Histologic specimens were prepared in the way as described for preparation of the subcutaneous xenografts. Animal specimens were fixed in 10%-buffered formalin solution and embedded in paraffin. For morphological analysis, the hematoxylin-eosin (H&E) staining and microscopic examination were performed on the 3-μm-thick sections of the paraffin-embedded tumor blocks. Slides were either stained with H&E according to the aforementioned specifications or exposed to TUNEL assay. The sections were treated with xylene and then with ethanol. After paraffin removal and dehydration, the sections were washed with PBS and incubated with 3% (v/v) H2O2 solution for 20 min. Then the specimens were treated with 5 μg/mL proteinase k at room temperature for 2 min. After enzyme incubation, the specimens were washed with 0.1 M PBS (pH 7.4) and incubated with a TUNEL reaction mixture at 37 °C for 1 h. Then the treated sections were washed with distilled water and hybridized with a horse-radish peroxidase-conjugated fluorescent antibody at room temperature for 30 min. Lastly the sections were washed with distilled water. The TUNEL-positive cells were evaluated in at least 6 fields per section (×200 magnification) by two persons under a blinding condition.
2.11. Statistical Analyses
Student’s t-test (STATISTICA Ver 10.0 MR1, StatSoft, Tulsa, OK, USA) were used for the statistical analyses of MTT assay, flow cytometry, and western immunoblotting. Student’s t-test and one-way ANOVA of the SigmaPlot program for Windows, version 12.0 (Systat Software Inc., San Jose, CA, USA) were exploited for the statistical significance of animal studies.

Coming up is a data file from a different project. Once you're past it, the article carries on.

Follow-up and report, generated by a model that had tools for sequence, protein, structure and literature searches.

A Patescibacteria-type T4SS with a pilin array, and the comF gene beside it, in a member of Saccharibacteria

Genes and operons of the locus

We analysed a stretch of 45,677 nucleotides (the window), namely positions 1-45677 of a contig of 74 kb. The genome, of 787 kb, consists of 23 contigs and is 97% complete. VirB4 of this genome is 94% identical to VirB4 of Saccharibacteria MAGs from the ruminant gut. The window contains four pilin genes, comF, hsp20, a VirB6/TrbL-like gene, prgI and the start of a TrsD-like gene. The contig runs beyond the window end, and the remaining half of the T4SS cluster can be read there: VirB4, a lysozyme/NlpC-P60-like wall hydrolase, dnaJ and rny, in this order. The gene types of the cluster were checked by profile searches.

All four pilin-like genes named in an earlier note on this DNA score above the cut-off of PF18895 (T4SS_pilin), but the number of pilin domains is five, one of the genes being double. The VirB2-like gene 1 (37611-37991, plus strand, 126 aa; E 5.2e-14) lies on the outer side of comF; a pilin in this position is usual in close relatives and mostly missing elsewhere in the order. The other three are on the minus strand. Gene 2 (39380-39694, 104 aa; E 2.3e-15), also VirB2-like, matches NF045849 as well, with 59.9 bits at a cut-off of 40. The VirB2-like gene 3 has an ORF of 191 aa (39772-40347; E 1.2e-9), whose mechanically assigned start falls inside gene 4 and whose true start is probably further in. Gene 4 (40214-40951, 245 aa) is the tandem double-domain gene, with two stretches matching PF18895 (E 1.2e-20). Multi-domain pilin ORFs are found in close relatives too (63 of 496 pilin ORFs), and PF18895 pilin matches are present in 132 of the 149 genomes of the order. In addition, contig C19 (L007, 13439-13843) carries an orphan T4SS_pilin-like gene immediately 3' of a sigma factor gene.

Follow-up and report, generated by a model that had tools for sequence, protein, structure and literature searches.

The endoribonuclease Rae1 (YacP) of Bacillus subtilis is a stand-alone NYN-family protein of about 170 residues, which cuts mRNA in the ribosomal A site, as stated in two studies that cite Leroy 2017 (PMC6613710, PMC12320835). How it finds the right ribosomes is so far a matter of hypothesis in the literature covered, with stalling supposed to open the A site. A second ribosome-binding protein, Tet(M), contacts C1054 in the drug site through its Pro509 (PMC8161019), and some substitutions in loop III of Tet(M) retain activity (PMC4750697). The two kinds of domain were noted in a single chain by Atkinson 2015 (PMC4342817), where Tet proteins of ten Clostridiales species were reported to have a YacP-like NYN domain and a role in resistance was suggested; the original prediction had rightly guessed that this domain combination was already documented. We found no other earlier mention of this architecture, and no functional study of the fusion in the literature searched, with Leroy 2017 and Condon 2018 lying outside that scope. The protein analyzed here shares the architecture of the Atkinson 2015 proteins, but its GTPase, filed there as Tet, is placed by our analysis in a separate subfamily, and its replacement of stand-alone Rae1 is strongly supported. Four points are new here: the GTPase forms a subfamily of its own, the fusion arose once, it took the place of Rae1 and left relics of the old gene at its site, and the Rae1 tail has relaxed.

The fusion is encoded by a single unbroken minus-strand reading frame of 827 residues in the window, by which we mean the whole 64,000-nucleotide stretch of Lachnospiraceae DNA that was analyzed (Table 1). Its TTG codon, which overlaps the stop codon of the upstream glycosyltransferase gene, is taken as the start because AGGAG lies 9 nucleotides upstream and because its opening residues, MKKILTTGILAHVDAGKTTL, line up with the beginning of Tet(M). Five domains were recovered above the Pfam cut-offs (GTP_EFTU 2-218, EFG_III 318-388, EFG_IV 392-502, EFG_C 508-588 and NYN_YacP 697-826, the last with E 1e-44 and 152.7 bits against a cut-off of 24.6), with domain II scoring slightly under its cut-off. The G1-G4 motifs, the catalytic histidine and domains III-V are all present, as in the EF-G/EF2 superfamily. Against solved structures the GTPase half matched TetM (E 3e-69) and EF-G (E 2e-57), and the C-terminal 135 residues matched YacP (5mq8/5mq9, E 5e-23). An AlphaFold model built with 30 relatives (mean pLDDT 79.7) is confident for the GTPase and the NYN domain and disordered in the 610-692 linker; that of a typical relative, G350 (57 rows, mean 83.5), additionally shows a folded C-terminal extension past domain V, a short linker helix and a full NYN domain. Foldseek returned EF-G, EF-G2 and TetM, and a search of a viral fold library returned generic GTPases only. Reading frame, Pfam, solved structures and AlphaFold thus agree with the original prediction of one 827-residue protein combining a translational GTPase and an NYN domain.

In this study, we found that the ethanol extract isolated from pomegranate peels exhibited a better inhibitory activity comparatively T24 and J82 cells than that of pulps. Fractionation of PEP with increasing polarity showed that the EtOAc layer of PEP had the best anti-cancer efficacy. Among 8 collecting parts of PEP fractionated with the Diaion HP-20 column chromatography, the PEPE2 fraction demonstrated the best inhibitory activity on UBUC cells along with the least influence on normal-like urothelial E7 cells. Annexin V/PI and western immunoblotting analyses demonstrated that PEPE2 treatment evoked UBUC cell apoptosis through stimulation of the death receptor pathway, the mitochondrial pathway, and ER stress. The suggested apoptotic pathway evoked by PEPE2 was shown in Figure 3
E. The mitochondrial pathway starts with the increased permeabilization of the mitochondrial outer membrane, causing the rupturing of the outer membrane. The outer membrane rupturing the release of cytochrome c, apoptosis-inducing factor (AIF), endonuclease G, and Smac/DIABLO (second mitochondria-derived activator of caspases/direct IAP-associated binding protein with low pI) [16
]. Cytochrome c along with apoptosis protease activating factor (APAF-1) and pro-caspase 9 form an apoptosome which activates caspase 9. Caspase 9, in turn, activates the effector caspases which orchestrates the progression of apoptosis [19
]. AIF and endonuclease G participate in DNA fragmentation and subsequent chromosomal condensation, which is typical phenomena of apoptosis [17
]. Smac/DIABLO can antagonize IAP (inhibitor of apoptosis protein) to promote caspase activation [20
]. In addition to our proposed apoptotic mechanism, pomegranate peels might impair the release of cytochrome c, apoptosis-inducing factor (AIF), endonuclease G and Smac/DIABLO to interfere with the activation effector caspases. Taken together, our results implied that the components present in pomegranate peels demonstrated the inhibitory activity against UBUC cells and owned much better intervention capability than those of the pulps. The anti-cancer efficacy of PEP was further confirmed in the xenografted mice. It was observed that oral administration of the EtOAc layer of PEP to nude mice implanted with T24 cells caused a significant reduction in tumor growth. Besides, the TUNEL-positive cells were extensively observed in EtOAc layer-treated T24 tumors, suggesting cell apoptosis was evoked in extract-treated tumors.